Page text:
When we read something silently we are, essentially, saying it to ourselves in our internal monologue. Psychology researchers at Britain's University of Nottingham wanted to know whether the voice that reads in our heads matches the voice that we read aloud in. In other words, does your internal monologue have an accent?
It's an interesting question. Although you might think it's a given, previous studies have suggested that the voice you speak with and the voice you think with might not be pronouncing words quite the same. This newer study, published in PLOS last fall, found the opposite—that there is at least some level of match between audible and silent pronunciation.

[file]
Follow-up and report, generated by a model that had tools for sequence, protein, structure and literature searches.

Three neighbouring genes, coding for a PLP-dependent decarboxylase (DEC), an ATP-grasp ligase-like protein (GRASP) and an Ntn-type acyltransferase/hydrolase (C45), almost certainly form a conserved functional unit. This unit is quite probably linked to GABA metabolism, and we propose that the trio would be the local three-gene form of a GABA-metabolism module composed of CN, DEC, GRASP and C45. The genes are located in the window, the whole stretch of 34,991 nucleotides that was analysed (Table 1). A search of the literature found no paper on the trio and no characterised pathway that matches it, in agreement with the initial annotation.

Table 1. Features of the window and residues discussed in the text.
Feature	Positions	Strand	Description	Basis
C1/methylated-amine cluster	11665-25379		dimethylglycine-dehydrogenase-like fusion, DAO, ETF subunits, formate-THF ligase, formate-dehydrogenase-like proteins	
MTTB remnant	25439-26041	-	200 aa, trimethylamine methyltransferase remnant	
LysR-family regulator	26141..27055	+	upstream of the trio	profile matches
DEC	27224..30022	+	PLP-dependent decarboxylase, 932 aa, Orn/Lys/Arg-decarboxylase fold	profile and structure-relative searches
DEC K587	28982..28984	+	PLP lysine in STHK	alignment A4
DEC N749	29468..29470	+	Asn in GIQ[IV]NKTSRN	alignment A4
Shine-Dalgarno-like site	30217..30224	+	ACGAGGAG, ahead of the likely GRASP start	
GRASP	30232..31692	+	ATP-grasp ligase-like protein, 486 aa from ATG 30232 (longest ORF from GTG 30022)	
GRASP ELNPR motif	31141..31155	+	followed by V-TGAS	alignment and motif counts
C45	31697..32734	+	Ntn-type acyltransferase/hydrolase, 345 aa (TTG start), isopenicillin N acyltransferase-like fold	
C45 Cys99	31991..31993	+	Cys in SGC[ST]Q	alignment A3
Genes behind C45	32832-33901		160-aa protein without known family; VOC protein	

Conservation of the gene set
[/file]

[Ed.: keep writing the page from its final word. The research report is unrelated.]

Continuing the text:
What I really like, though, is how they constructed the study. After all, you can't just ask people how they pronounce words in their heads. Like the question of whether you say "soda" or "pop" or "coke", once you start thinking about it hard enough to answer, you suddenly lose all ability to know what you do when you aren't paying attention. (Note: That soda/pop thing hasn't actually been scientifically demonstrated. It's just a bit of personal anecdata that I thought was relevant here.) In order to get around that problem, the Nottingham researchers had subjects read limericks while carefully monitoring their eye movements. The subjects were chosen based on their accents—one group pronounced their "a" sounds so that "path" would rhyme with "Kath". To the other group, that rhyme wouldn't rhyme at all. Instead, for them, "path" rhymed with "Garth". Read the rest